"The point to be grasped, then, is that although emotion itself is turbulent and in consistent, constantly in movement through shifts in belief, it sometimes happens that this simmering and agitation of mind becomes habitual, set tling into the veins and marrow, as it were. It is then that the sicknesses and infirmities come into being, and also the aversions which are their contraries. The conditions I have mentioned differ from each other in theory, but in reality they are closely linked. They arise from desire and from gladness. When a person has conceived a desire for money, and when there has been no immediate application of reason—the Socratic medicine, as it were, which might have cured that desire—then the evil works its way into the veins, and settles in the vital organs, and comes to be a sickness and an infir mity. Once it has become habitual, the sickness cannot be removed, and its name is “greed.” It is the same with the other sicknesses, such as desire for glory or liking for women (if I may so translate the Greek philogunia), and the other sicknesses and infirmities, which arise in the same way. The contraries of these are thought to arise out of fear. Examples in clude hatred of women, such as we see in the Misogyne of Atilius, and hatred of the whole human race, such as we have heard of in the case of Timon, who is called “the Misanthrope”; also hostility to guests. All these infirmities of mind arise from some kind of fear of those objects which the per sons in question dislike and avoid. They define an infirmity of mind as “a vigorous opining that some object is worthy of pursuit which is in fact not worthy of pursuit, that opinion being deeply attached and rooted in the mind.” The state arising from aversion they define as “a vigorous opinion, deeply attached and rooted, that some object is worthy of avoidance which is in fact not worthy of avoidance.” “Opining” is when a person judges that he knows something which he does not in fact know. Classified under infirmities are such things as greed, ambition, liking for women, stubbornness, gluttony, fondness for wine, covetousness, and so forth. “Greed” is “a vigorous opining, deeply attached and rooted, that money is very much to be pursued,” and a similar definition is given for each of the others. Definitions for the aversions are like this: “hostility to guests,” for instance, is “a vigorous opinion, deeply attached and rooted, that company is very much to be avoided.” Similar definitions are given for “hatred of women,” like that of Hippolytus, and for “hatred of the human race,” like that of Timon."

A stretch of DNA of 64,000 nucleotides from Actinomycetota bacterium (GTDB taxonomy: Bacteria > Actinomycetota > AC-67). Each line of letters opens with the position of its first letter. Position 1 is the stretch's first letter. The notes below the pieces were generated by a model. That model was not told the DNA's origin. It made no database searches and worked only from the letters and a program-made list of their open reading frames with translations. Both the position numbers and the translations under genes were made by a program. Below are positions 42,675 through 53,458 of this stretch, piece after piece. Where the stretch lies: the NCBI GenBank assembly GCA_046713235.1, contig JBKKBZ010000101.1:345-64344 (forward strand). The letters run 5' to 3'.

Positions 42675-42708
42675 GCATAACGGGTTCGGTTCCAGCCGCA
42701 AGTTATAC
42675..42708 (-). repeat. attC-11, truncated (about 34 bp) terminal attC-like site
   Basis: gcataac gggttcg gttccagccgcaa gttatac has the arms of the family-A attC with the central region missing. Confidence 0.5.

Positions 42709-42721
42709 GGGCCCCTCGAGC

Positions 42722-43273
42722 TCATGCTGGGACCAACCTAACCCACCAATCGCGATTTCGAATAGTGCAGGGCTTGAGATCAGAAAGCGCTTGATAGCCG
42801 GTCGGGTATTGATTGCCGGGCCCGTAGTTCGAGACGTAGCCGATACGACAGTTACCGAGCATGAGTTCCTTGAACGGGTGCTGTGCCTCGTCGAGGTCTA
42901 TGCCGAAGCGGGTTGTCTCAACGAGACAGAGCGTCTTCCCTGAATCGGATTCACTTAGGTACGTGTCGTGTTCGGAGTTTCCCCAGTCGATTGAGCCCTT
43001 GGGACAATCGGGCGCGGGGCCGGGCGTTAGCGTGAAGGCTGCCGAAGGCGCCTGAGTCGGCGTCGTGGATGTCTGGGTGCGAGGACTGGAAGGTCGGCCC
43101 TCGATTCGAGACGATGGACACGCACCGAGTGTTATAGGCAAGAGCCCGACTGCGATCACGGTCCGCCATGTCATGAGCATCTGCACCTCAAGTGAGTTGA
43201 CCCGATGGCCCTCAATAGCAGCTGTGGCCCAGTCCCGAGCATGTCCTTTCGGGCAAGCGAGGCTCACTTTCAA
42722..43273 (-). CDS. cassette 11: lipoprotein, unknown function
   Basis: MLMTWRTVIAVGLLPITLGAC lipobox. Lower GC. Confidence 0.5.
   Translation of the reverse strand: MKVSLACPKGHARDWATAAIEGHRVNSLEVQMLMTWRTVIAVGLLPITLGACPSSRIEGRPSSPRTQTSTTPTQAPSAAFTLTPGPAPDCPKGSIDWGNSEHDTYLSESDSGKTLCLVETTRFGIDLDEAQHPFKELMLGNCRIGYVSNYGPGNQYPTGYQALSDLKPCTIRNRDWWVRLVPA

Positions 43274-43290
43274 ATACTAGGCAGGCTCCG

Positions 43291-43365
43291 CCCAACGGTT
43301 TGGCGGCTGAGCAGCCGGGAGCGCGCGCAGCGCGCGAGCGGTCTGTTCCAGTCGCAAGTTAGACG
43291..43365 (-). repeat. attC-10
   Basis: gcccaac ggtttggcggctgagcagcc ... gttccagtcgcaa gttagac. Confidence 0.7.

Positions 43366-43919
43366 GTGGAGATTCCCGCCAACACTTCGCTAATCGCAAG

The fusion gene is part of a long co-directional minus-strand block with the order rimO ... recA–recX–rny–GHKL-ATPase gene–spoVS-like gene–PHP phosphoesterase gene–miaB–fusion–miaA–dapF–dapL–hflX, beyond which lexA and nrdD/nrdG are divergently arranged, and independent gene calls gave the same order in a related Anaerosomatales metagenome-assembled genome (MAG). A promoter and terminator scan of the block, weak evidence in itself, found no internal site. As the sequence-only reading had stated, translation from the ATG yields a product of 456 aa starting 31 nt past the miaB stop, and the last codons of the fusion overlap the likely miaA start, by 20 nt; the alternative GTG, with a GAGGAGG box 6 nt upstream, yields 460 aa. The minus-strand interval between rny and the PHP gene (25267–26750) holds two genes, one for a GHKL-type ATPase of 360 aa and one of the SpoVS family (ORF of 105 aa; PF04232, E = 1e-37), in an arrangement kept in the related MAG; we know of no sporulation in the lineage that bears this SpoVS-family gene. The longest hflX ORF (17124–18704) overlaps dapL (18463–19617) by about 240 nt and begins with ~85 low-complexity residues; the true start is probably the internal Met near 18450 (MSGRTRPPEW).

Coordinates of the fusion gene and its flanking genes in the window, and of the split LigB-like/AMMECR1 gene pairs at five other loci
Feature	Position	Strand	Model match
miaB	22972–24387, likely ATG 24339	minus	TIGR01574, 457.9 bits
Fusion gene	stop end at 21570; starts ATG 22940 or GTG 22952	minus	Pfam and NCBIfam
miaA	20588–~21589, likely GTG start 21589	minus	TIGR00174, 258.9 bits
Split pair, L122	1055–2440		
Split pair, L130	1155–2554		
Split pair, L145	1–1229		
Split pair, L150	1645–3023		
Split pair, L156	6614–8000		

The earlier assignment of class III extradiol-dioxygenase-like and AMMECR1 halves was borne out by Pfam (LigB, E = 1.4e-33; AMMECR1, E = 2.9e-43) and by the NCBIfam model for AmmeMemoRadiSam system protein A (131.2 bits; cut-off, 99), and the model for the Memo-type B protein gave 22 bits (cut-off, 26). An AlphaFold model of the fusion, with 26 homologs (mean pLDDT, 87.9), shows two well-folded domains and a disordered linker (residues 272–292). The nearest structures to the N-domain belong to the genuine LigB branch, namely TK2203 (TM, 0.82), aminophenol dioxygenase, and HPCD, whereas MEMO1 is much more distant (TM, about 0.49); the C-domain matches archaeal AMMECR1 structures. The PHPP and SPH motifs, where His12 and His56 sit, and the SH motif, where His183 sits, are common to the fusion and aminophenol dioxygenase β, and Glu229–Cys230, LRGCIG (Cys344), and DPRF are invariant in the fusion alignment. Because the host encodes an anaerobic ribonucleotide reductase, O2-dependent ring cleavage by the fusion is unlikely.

- Cicero, Tusculan Disputations, 4.24-27

I highly recommend Margaret Graver's "Stoicism and Emotion", University of Chicago Press, 2007. It's a very thorough discussion of this topic - a topic which even now appears to be quite badly understood among modern students of Stoicism.